“And yourself, Sir Spiess? Do you see yourself as standing above the devils of our age? Are thee a mere culvert of divine or demonic power?”

“I can’t presume to know God’s plan or what is in men’s’ hearts. But I believe that everything eventually finds its place – either on its own or through the force of God’s will.”

And so it was with Spiess. He acknowledged her mind to such a degree that Helena felt that he must be nearly unmoored in time. Whenever she thought of other men, Helena could barely keep herself from shaking her head in disgust. Spiess was so far ahead of them all, so much further down the line.

She was enjoying herself so much that she didn’t pay attention to the fact that Spiess kept her largely out of sight, tucked away like a petty dalliance. She also gradually stopped caring that nearly the entirety of her free time was now consumed by their daily activities. She even overlooked his drinking and general excess, a habitual part of their time together – noting that such annoyances were well worth the price of admission. Unlike Sebastian, richly ensconced in the static mores of his mercantilism, Spiess belonged to a new world, a better world fated to inexorably arise.

“What do you think of this?” Spiess said.

They were in the estate’s library, having just come in from a ride after becoming ensnared in a surprise storm that had barreled in from the mountains. Dripping and thoroughly soaked, they found that the hearth was bare and that the weekly delivery of wood had not yet arrived.

Noticing that she was shivering, the knight had immediately plucked the bust off the mantle, and Helena could see now that it was a carved sculpture of Frederick III’s face when he could have been no older than 40 or so. She had only ever seen the emperor as an old man, his jowly countenance following her throughout her younger years in the form of etchings and engravings. The bust in Spiess’s hands was a staggering testament to the scope of Frederick’s long life, not to mention his fixed position as the Roman head of state for more than 30 years.

“I’d say a serviceable paperweight,” Helena said through chattering teeth, knowing that Spiess would get some amusement out of her dry iconoclasm.

Spiess chuckled, turning the bust in his hands to look directly at the emperor’s wooden features once more. His hands rose, bringing the bust up above his head. Then they flew forward, blurring with velocity, and smashed the bust to pieces on the ground.

“More like serviceable kindling.”

Helena stood back, astonished by what she had just witnessed as Spiess took a long sip from his chalice. But then Helena caught Spiess’s eye, noting his sense of impending laughter while simultaneously feeling the oncoming of her own. He began chuckling, hugging her tightly to him, and so too did she. Their peals merging as he broke up what appeared to be additional heirlooms with a devil-may-care spirit, forming them into a pile of wood that was soon animated by a crackling flame.

“We’ve made a mess haven’t we?” Helena said after a time, looking worryingly at the fragments of wood and plaster that littered the floor around the fireplace.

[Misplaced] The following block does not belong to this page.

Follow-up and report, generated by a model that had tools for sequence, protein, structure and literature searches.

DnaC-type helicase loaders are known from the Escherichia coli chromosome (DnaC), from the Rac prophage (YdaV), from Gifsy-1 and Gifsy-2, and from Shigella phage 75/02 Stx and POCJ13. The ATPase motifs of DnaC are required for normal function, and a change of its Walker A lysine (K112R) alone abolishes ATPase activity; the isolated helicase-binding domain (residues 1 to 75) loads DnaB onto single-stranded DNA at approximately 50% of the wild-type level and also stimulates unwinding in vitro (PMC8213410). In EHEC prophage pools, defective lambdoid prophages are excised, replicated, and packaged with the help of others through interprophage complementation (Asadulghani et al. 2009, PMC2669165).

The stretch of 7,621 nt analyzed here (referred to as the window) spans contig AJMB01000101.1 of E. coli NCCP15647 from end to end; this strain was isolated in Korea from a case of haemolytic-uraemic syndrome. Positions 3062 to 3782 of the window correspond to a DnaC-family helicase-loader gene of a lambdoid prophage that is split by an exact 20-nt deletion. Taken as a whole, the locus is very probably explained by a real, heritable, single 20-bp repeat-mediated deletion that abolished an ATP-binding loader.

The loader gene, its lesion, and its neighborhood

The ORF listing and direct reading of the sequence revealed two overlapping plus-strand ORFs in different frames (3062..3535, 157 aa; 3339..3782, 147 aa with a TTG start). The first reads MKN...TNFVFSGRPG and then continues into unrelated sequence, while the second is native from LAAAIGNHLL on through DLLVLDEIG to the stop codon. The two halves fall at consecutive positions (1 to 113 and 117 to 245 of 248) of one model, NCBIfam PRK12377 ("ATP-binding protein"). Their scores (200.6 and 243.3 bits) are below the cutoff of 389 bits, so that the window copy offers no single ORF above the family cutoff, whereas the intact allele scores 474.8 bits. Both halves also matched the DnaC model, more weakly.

“They’ll clean it up,” Spiess said in response, gesturing to two tired-looking valets hovering near the entrance of the library. “That’s what they’re there for.”

Then he quickly pivoted in his seat to face the valets. As he turned, Helena caught a pungent whiff of alcohol, which aggressively tickled her nose.

“Right!?” Spiess yelled to the valets. Helena couldn’t be entirely sure, but she could almost swear that both men visibly flinched at the knight’s words.


“Back again me lady?” said Konrad Gemant, Spiess’s gardener, two weeks later as Helena walked down from the estate’s main residence toward a coach that was awaiting her in the gathering dark. “Yer becoming quite the presence here – always pleasant to be sure.”

Helena stopped, a slight flush spreading across her cheeks. Her initial impulse was to continue on, deferring to what was, at best, a deeply awkward comment. She shut her eyes and then opening them again. She knew that wasn’t her.

“What did you say?” she said, turned quickly to the old codger and meeting his eye line.

“Nothing me lady.”

“Please just say it.”

“Just that ye shall want to be cautious.”

“Pray tell what do I need to be cautious of?”

Konrad didn’t say anything for a moment, instead pawing at the ground with his booted toe. He appeared uncertain, as if he had waded into a body of water and suddenly realized he was over his head. Steadying himself, he spoke.

“Ye see this garden? Beautiful tis. Every element works together. None taking more than they’re owed. But ye see that hole in the soil? Ficaria grew there. Beautiful yellow flowers brighter than ye could believe. The master loved them. But they began to grow, take over everything. They threw the garden into chaos ye see? Unbalancing the plot. Whatever pleasures they had were forgotten. I pulled and burned em a fortnight later.”

Helena stood in stupefied silence, genuinely shocked by the old greenskeeper’s veiled threat. Konrad had hardly been a warm or inviting presence during her weeks of knowing Spiess and visiting his estate. But she was still floored by his words. She felt hot. The skin between her shoulder blades was sweaty and slick. Perhaps there was truth to what he said.

“Konrad!” came Spiess’s voice from behind a retaining wall.